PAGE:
The election of Clement Attlee's Labour government, with its ambitious programme of nationalisation, started the process of sucking power and responsibility away from town halls towards central government.
But it was Margaret Thatcher's three administrations, followed by John Major's, which floored the accelerator pedal. Since 1945, councils have lost responsibility for hospitals, water, gas and electricity supply, polytechnics and further education colleges.
Councils no longer build homes, while millions of their tenants have purchased their houses or seen ownership pass to housing associations. More than a thousand schools have "opted out" and are now funded by central government.
Function after duty after responsibility have been removed over the half- century; next year, councils' responsibility for controlling waste disposal is being taken over by a new environment agency. The only significant move in the opposite direction has been to enhance councils' role in looking after elderly people and other vulnerable groups - "care in the community".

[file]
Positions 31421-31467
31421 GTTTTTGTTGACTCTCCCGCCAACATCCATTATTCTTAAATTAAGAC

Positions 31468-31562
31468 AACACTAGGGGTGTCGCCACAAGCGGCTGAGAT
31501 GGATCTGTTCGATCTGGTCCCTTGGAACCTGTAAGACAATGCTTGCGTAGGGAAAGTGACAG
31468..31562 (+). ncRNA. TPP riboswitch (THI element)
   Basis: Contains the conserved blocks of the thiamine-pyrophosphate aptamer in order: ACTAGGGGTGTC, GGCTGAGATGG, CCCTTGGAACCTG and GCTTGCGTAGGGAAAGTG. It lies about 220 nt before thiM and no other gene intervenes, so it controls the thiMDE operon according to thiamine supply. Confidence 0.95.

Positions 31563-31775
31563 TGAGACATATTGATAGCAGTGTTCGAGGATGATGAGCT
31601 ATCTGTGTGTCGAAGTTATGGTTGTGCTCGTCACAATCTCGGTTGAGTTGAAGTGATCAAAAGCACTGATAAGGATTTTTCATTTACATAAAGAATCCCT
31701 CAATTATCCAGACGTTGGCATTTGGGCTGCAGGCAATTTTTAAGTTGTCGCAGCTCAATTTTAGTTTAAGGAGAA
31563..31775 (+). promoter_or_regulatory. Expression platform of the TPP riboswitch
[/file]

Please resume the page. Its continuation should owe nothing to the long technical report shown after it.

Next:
True, local government still remains responsible for a broad range of vital services. But only 18 per cent of this money is raised through local taxes set by the councils themselves; in 1979, it was 60 per cent. This shift marks how weak British councils have become.
The local government tax paid by industry and commerce is set by the Government. More than half of councils' income arrives as direct government grants. The remainder raised through the locally determined council tax is strictly limited by the Government's powers to cap expenditure.
Councils are well on the way to becoming mere administrators of contracted- out local services, with funding and service standards determined by central government.
Given all that, perhaps voters cannot be blamed for staying at home tomorrow or voting on national issues. Although corruption, profligacy and daftness on the part of councillors was partly responsible for the decline of local government, hope of their revival rests with Whitehall and Westminster.
Nicholas SchoonReuse content